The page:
Eagles Madden Ratings: The Good, the Bad, and the Ugly

The Ugly

For having the league’s best team, Madden did the Eagles no favors rating some of the team’s key contributors. Before we get to the big ginger elephant in the room, let’s look at some other criminally low ratings on the starting lineup.

Case number one on the docket: Nigel Bradham. A 78!? Whoever made this rating must not have watched many Eagles games. The fact that Bradham scores lower than the jettisoned Mychal Kendricks (81) is a joke, and not the funny kind. He also ranks below Pernell McPhee (79), who has started 5 games in the last three years. Just to prove how awful this grade is, a 78 rating puts him on even terms with Clay Matthews and Jason Pierre-Paul who are a few years away from being remembered in ballads and tales of lore and second-year player Harold Landry III (who watched most of the season from the bench).

Now, can someone explain to me how Austin Ekeler (82), Lesean McCoy (82) and Frank Gore (81) are better running backs than Jordan Howard (80)? If it was 2014, Gore and McCoy would both have a legitimate claim, but after just breaking 1,200 rushing yards combined last season it’s clear both payers are on the back nine of their respective careers. Before last season Gore hadn’t broken 4.0 yards per carry since 2014. Howard’s production dropped off last year, only after Matt Nagy and co. did everything they could to scheme away from him.

The biggest knock against Howard is his pass-catching ability, which he wasn’t able to showcase with Tarik Cohen stealing the show. A 7.9 yards per reception average and stellar pass blocking should discredit the idea that the former Bear is useless on passing downs. Howard’s numbers are very similar to Houston’s Lamar Miller, who was given an 85 overall.

To drive the point home, Austin Ekeler’s two-year career stats: 814 rushing yards, 683 receiving yards, and 11 total touchdowns. Not to discredit what he’s accomplished hidden behind Melvin Gordon, but there’s a reason he’s not the every-down back in LA. Compare that to Jordan Howard’s 2,435 rushing yards, 423 receiving yards and 16 total touchdowns in his first two seasons. Not to mention he followed that up with a near-1,000 yard rushing season and 9 rushing touchdowns last season. Howard is tied with the likes of C.J. Anderson, Duke Johnson Jr. and Damien Williams — who have one total thousand yard rushing season between them. None of those three were even projected starters for their teams in 2019. Ouch.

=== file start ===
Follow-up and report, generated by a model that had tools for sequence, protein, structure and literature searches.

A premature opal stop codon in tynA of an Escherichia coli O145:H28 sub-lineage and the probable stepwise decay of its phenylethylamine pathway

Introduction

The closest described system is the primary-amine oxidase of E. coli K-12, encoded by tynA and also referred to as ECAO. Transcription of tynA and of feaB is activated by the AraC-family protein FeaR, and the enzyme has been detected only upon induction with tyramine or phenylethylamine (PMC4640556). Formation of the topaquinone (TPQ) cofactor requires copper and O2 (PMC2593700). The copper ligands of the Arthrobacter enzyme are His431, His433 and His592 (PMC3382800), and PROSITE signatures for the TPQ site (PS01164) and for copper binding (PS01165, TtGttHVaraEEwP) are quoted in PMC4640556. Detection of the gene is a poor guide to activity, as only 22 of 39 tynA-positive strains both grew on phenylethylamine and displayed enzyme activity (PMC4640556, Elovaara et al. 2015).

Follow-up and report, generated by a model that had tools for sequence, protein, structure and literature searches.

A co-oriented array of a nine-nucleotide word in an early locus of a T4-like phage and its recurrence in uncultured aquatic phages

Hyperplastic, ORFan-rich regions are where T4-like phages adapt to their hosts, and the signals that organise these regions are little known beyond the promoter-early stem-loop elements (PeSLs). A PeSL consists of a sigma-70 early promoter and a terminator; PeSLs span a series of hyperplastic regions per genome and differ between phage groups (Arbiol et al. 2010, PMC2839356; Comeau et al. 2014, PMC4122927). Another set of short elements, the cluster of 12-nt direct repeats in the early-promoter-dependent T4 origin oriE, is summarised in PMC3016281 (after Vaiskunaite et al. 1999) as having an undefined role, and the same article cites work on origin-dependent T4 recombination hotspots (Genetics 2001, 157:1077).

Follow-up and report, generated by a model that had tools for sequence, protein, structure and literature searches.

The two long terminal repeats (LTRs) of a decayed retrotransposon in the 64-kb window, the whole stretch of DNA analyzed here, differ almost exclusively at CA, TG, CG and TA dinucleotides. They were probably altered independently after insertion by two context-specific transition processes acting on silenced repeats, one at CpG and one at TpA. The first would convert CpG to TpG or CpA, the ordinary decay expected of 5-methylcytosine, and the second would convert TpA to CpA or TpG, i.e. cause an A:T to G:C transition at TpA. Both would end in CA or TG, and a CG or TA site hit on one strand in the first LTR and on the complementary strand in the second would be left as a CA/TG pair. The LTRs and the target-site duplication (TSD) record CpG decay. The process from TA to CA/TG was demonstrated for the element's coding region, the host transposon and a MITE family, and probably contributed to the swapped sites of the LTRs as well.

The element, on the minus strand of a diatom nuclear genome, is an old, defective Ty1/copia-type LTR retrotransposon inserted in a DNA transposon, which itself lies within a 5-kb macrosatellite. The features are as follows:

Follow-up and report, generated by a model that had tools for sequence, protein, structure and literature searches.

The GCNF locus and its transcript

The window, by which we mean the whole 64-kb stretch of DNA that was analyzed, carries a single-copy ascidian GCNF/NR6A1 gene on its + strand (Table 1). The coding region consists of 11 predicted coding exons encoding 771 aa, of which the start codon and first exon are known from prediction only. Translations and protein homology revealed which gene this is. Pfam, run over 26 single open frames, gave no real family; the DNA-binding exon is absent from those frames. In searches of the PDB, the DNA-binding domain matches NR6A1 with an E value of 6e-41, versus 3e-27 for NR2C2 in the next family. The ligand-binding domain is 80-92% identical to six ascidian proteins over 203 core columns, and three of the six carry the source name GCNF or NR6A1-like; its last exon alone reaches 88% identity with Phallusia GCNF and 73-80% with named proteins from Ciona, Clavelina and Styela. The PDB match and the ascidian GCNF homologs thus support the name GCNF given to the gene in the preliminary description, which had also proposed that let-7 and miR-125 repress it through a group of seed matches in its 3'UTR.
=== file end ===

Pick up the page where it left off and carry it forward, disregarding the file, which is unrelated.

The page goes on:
Finally, to address the number one concern of Eagles fans who opened their phones to check the ratings yesterday: Carson Wentz‘s 82 overall. After finishing both of the last two seasons on IR, one assumes that this rating comes with injuries in mind. Still, being one year removed from an MVP caliber season, Wentz should be higher than the 13th (tied) ranked quarterback. Period. That puts him below: Matt Ryan (89), Ben Roethlisberger (85), Cam Newton (84), Jared Goff (83), Baker Mayfield (83) and Deshaun Watson (82).

EA Sports does its reasoning in numbers, so here are some numbers of my own. The following stats are taken from the last two years, to be fair to Jared Goff and Deshaun Watson.


If nothing else, the numbers above reflect that fact that both Carson Wentz and Deshaun Watson are criminally underrated in Madden 20. Carson’s touchdown to interception ratio is leagues better than anyone above him aside from Jared Goff. His QB rating and passer rating are also significantly higher than any QB apart from Watson. In seven fewer games Wentz threw just six fewer touchdowns than Goff and eight fewer than Big Ben. The Eagles signal-caller also contributes more with his legs than any other QB above him besides Watson and Cam Newton.

Looking at the culmination of all these categories, assigning points for rank, Wentz is at least the 3rd best quarterback of the bunch (behind Ryan and Watson). If nothing else, both Wentz and Watson should be closer to Ryan’s 89 overall. It’s impossible to tell how the injury rating factored into Carson’s overall, but 82 is far and away from a fair rating based on his on-field performance. With all the weapons he will have on offense (see above), Wentz will be in the 90 ballpark in no time.

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